Wednesday, December 13, 2006

Anatomy of a HotHolder

This entry will be a tour of sorts of my construction process when making HotHolders. But first, here are some cowboys and friends. My fav is the adorable little bull flying through the air in the upper left. He's being pursued by a fierce horse much bigger than him, but you can only see part of it's head underneath the loop. He has sweet long eyelashes. The three HH with white backgrounds are really nice vintage bark cloth. The colors are very rich.

This next picture is a HotHolder about to be swirled through the sewing machine. All those yellow balls on top are pin heads. I use quilting pins which are very long to get through all the layers. Between the top and bottom printed fabrics you can see 3 other layers: red sweatshirt, blue towel, buff sweatshirt. The top fabric is vintage bark cloth and the bottom is some high end hand block printed cotton from India. It might have been a tablecloth or big pillow cover.

Here are some all pinned together and hanging out near the sewing machine waiting to be quilted. The cup in the middle was given to me for my birthday when I was a little girl. I loved it! It has all these chaste flowery 1970s couples on it. Very romantic. Now I keep the quilting pins in it. I use the pencil to mark the spot where I'm going to start the starburst. When I wasn't doing this before, I tried to just identify with my eyes a spot that was in the center, and so many came out really lopsided!

Is it obvious what these are? Loops!

Another picture showing all the pins. This tour is not necessarily in chronological order, but I think I'm getting across the primary steps. Yeah? I think I'm at risk of giving away all my trade secrets here. I can't afford to copywrite my design so please don't go making a bunch of these yourself and selling them, okay? I'm a very nice person and you wouldn't want to do that to me. Besides, think of your karma.

Maybe this should have been the first picture. These are piles of fabric I've cut out and combined for HotHolders that I set out to sew for Boston's Bazaar Bizarre this weekend. In this picture I haven't layered in the filling yet. They are arranged in piles according to what color thread I will use. That's what those little slips of paper are on the piles - they have the colors written on them. I think I've managed to sew up about half of them since I took these pictures last week. Only two days left to prepare! That means I had better end this and start sewing!
Next entry will no doubt be about the BazBiz adventure. I'm very excited!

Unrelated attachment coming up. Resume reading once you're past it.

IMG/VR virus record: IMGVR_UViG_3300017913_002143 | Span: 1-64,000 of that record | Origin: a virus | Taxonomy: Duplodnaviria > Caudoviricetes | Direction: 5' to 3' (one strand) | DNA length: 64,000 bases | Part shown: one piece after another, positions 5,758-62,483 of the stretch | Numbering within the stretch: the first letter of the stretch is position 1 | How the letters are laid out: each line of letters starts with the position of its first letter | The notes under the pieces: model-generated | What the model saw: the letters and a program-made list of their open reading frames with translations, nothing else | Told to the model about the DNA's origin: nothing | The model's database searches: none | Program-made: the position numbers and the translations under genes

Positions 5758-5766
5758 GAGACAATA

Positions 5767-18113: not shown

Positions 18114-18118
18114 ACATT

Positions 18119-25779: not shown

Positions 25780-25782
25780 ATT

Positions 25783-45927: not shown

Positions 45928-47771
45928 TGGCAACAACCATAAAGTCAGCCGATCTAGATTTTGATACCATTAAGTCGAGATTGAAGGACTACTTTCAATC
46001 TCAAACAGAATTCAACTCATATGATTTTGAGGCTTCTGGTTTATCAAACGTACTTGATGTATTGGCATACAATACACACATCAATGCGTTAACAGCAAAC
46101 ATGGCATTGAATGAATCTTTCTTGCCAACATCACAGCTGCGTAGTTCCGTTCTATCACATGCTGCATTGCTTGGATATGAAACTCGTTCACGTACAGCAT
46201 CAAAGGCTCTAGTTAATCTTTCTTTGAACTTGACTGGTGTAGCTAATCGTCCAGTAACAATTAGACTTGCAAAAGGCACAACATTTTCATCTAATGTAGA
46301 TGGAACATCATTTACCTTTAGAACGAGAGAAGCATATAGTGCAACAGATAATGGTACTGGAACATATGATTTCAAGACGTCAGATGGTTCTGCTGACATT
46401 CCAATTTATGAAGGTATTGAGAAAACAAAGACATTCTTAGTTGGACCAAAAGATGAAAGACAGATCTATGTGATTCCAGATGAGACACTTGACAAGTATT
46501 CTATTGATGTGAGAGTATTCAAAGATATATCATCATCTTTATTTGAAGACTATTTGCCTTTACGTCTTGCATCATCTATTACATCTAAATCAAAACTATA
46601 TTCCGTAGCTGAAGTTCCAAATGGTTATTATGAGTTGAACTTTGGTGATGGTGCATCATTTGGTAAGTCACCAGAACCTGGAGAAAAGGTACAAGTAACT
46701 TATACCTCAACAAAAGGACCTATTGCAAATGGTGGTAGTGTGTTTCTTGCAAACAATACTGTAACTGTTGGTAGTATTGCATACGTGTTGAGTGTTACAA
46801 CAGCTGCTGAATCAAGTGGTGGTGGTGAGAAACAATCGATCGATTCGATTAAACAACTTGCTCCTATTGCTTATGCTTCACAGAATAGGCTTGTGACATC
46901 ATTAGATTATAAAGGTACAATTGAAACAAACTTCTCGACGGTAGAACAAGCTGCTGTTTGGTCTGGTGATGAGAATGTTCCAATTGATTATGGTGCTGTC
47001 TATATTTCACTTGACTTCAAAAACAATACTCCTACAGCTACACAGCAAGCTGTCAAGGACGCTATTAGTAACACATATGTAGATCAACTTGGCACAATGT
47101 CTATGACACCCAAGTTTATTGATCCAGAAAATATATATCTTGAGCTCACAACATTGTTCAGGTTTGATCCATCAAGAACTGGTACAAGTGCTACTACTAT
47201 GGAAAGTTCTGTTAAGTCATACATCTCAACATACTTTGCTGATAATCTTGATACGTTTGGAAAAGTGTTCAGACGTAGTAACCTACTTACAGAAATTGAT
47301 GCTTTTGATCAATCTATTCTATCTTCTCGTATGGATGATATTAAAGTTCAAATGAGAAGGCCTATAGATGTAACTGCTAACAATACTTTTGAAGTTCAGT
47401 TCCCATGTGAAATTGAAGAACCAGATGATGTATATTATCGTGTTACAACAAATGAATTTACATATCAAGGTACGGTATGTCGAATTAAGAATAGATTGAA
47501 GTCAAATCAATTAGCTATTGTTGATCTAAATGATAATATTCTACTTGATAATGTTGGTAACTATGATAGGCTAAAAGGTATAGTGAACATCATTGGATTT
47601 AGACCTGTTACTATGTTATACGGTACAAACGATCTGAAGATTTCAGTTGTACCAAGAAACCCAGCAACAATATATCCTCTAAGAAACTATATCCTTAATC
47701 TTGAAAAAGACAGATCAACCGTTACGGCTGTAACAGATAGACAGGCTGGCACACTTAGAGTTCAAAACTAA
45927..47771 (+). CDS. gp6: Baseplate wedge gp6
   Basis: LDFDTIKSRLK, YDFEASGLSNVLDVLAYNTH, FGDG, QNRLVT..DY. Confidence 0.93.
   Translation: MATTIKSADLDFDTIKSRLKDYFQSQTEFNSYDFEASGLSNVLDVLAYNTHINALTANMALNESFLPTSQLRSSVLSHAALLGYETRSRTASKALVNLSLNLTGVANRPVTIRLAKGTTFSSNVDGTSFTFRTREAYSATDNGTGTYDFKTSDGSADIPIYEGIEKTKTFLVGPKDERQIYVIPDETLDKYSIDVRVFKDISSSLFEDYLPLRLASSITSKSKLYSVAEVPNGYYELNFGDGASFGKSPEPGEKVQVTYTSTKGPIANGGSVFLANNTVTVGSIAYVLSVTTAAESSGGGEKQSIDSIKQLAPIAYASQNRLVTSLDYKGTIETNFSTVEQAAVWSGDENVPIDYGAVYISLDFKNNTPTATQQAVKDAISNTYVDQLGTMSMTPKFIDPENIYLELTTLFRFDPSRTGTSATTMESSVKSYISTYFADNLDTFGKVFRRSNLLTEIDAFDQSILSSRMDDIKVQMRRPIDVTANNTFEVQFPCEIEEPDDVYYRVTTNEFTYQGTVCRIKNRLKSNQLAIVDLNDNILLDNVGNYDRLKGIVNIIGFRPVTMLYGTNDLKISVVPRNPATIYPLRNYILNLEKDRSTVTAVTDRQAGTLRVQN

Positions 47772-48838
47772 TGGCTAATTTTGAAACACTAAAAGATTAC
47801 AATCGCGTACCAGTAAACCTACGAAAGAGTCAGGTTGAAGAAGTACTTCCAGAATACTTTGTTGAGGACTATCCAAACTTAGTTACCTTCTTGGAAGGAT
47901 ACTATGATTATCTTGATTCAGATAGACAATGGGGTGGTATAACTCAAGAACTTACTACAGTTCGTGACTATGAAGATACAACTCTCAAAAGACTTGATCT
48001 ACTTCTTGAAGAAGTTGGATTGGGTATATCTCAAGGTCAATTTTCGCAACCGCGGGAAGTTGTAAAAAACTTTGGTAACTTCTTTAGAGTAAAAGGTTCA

I have to go on about those 4-Way Entry Bags at some point, too. Until then...

Thursday, December 7, 2006

Those assertions I made

Hello. Thank you for visiting the Mountain Ash Design blog. That's the name of my little creative enterprise here. This is my first blog entry ever. The purpose of this blog is to chronicle my creative process, but I have another task first. (Um, if you can't see any other text, keep scrolling down a bit.)

I said on my website that certain assertions would be elaborated on here so I'd better get down to it. I promise that more pretty pictures and philosophical essays will come later and it won’t just be about product, product, product.

You see, I make these potholders.

I call them HotHolderstm.

"Because you're not the only thing in the kitchen that's hot." TM

I made some claims about them on my website ( and I'm here to elaborate.

A HotHolder is a functional kitchen tool I came up with to satisfy my need to play with fabric, my need for a creative outlet, to make beautiful things that are also useful, and to express my sense of humor. And my friend Stuart came up with the name HotHolder. I came up with the slogan. Now to address these claims. HotHolders are

  • Visually Unique. They are all one-of-a-kind. I usually have only relatively small pieces of each fabric, and I am interested in combining each fabric with many others, not just the one that obviously works "the best." If I send a HH out into the world, I might make another using the same fabric combination, but the prints aren't going to line up the same way. Occasionally I will create a small line of HotHolders using the same fabrics, each one turning out a bit different. I am constantly striving to make the fabric combinations more dynamic. I have never seen potholders that look like mine.
  • Very Practical. They are very thick and sturdy, protecting your paws from the heat, yet pliable enough to easily wrap around the handle of your favorite cast iron frying pan. You can wash them in the washing machine. I put mine in the dryer, too, with no dramatic changes occurring. They are a bit smaller than other potholders, so they don't get in the way of the cookies on the cookie sheet or otherwise get into the food. The loop angles toward the center of the HH so it's out of the way. Plus you can hang them up (obviously).

  • Eco-Friendly. I use mostly post-consumer recycled materials when making HotHolders. Outer fabrics are often vintage or recycled (from clothing mostly), with a bit of new designer fabric mixed in at times. The 3 layers of batting are pre-loved sweatshirts and towels.

  • Celebratory! Hey, cooks deserved to have fun and lovely tools when they are whipping up nourishing food for themselves and others. Even if you are baking pre-fab cookie dough in the toaster oven, you should be cheered on and honored in the process. Pretty serving dishes, table linens, etc. have been used forever to show off the results of whatever happened in the kitchen. My hope is that HotHolders help make the act of preparing food more pleasurable in itself.

Hmm. I seem to have cookies on the brain. I wish I had some of that pre-fab dough. If you want to see more pictures or think you might want to buy a HotHolder, please go to my Etsy shop:

Next time: Anatomy of a HotHolder and maybe the story behind the 4-Way Entry Bagstm.